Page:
Arriving in the village today, we were greeted with a sound we had not yet heard: silent. We were immediately missing the singing we had quickly learned to love. Our fearless translators, guides, wonder women extraordinatire (Faith and Chifundo) let us know soon after that a member of the village had passed away last night. We were very sad to learn that the grandmother of one of the villagers had died. Uncertain if we would be welcome to work during the mourning period, some of us paid our respects to the family members who were mourning the loss of their loved one. In this village, that meant sitting on the porch with the woman who was mourning. With the help of our excellent translators, we communicated our condolences. After paying our respects, the chief of the village decreed that we would be allowed to continue our work, despite the fact that it was contrary to the mourning rituals.
Work on the houses began again, with almost everyone using scaffolds (both inside the house and out). It was slower going, as there was not as much room on the scaffolds for teams to complete each wall. Furthermore, we had to rely more one our expert builders (Harry and Bartholomew) to assist us with the technical aspects of the build (squaring corners and building the roof supports). Before lunch, I was surprised to hear singing -- the village had been unusually quiet all morning. We realized that it was the women of the village singing a gospel for the funeral procession. It was the beginning to a beautiful ritual. The women from the church of the deceased sing to mourn the loss of the loved one, and will keep singing all day and all night until she is buried (likely tomorrow afternoon). Standing on the scaffold, hearing the beautiful music, and seeing the men and women sitting surrounding the house was a surreal experience. The fellowship in those moments cannot be expressed by words. Work on the houses slowed to a crawl by mid-afternoon, as wall after wall was completed. After being expelled from one of the houses by the builder (as there was no more work to do), some of us walked down the road to see one of the completed Habitat homes. We will be visiting another tomorrow, and can detail more about the complete houses then. It is a bittersweet feeling knowing that we will be walking away tomorrow without a 100% completed house, but it is tempered by the progress shown in the rows and rows of brick we have laid since we first arrived.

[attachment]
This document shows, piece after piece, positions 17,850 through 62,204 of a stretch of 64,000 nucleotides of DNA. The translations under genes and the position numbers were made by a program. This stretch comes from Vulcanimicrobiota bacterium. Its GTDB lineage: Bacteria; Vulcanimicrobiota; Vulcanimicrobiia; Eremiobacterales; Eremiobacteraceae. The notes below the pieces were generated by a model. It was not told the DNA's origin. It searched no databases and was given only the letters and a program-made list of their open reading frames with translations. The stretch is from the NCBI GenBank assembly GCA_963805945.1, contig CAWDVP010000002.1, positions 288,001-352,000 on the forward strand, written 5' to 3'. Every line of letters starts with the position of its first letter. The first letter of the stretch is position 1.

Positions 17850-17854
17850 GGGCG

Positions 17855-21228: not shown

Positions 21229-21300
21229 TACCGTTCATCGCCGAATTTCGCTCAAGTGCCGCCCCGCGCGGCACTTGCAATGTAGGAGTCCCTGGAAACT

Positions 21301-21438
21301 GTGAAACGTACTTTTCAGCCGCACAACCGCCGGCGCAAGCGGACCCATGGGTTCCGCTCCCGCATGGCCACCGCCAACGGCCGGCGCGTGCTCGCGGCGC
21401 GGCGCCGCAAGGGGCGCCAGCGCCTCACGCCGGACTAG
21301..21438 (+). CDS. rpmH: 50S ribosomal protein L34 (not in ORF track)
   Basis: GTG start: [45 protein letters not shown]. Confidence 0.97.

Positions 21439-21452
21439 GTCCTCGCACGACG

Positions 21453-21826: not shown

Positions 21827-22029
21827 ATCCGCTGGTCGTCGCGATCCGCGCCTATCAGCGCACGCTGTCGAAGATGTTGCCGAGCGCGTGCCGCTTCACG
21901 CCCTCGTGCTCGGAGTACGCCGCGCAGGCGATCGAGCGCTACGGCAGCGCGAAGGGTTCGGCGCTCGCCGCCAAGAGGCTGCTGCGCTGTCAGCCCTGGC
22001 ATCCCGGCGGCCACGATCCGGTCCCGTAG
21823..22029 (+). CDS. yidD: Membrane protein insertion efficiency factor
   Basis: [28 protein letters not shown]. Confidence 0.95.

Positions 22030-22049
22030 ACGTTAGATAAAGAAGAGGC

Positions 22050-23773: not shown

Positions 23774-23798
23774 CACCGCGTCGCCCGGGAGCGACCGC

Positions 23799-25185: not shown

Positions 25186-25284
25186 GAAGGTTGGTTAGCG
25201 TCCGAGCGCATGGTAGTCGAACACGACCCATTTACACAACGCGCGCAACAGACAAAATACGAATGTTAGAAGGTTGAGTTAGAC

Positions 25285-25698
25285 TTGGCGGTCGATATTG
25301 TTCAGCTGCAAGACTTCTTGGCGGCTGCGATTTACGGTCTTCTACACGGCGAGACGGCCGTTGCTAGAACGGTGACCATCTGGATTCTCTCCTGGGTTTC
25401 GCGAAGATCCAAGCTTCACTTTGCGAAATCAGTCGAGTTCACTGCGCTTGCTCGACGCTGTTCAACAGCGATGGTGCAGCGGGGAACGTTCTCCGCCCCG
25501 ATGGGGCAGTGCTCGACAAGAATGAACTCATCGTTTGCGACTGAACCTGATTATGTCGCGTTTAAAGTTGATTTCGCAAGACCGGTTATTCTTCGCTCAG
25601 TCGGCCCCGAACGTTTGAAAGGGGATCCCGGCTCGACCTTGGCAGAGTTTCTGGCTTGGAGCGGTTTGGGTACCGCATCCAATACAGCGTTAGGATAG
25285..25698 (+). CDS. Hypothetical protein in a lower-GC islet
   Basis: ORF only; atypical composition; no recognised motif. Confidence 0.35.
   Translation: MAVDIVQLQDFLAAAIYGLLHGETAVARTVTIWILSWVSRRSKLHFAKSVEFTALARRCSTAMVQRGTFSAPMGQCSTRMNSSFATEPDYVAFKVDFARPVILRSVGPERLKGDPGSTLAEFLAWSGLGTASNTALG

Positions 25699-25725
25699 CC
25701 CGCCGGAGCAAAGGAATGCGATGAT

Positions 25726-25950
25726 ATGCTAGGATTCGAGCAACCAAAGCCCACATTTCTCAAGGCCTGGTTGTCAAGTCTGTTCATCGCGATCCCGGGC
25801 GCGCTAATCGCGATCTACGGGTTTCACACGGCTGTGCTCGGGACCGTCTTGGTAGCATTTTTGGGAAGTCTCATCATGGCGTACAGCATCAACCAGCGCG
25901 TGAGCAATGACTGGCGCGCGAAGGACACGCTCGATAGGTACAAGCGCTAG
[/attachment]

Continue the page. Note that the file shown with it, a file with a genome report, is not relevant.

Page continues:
Following the completion of the build, we visited a local fabric market in Salima. We had the opportunity to visit the wooden market in the morning, and had come away with many trinkets and gifts for loved ones back home. Both opportunities to stimulate the local economy included much bartering with the local shop-owners, and a lot less room in our suitcases. To conclude the day, we went to the Red Zebra lodge for our farewell dinner, as this is our last night in Malawi. This also included an opportunity to celebrate Justin's birthday, and was complete with a cake, festive napkins, decorations, and a card. We are so lucky to have him with us on this trip.
We are all looking forward to getting back to the village tomorrow, and are honored that we are still invited to be a part of it event as they mourn the loss of one of their own.
This post was written by community volunteers Emily and Lisa Hudspeth.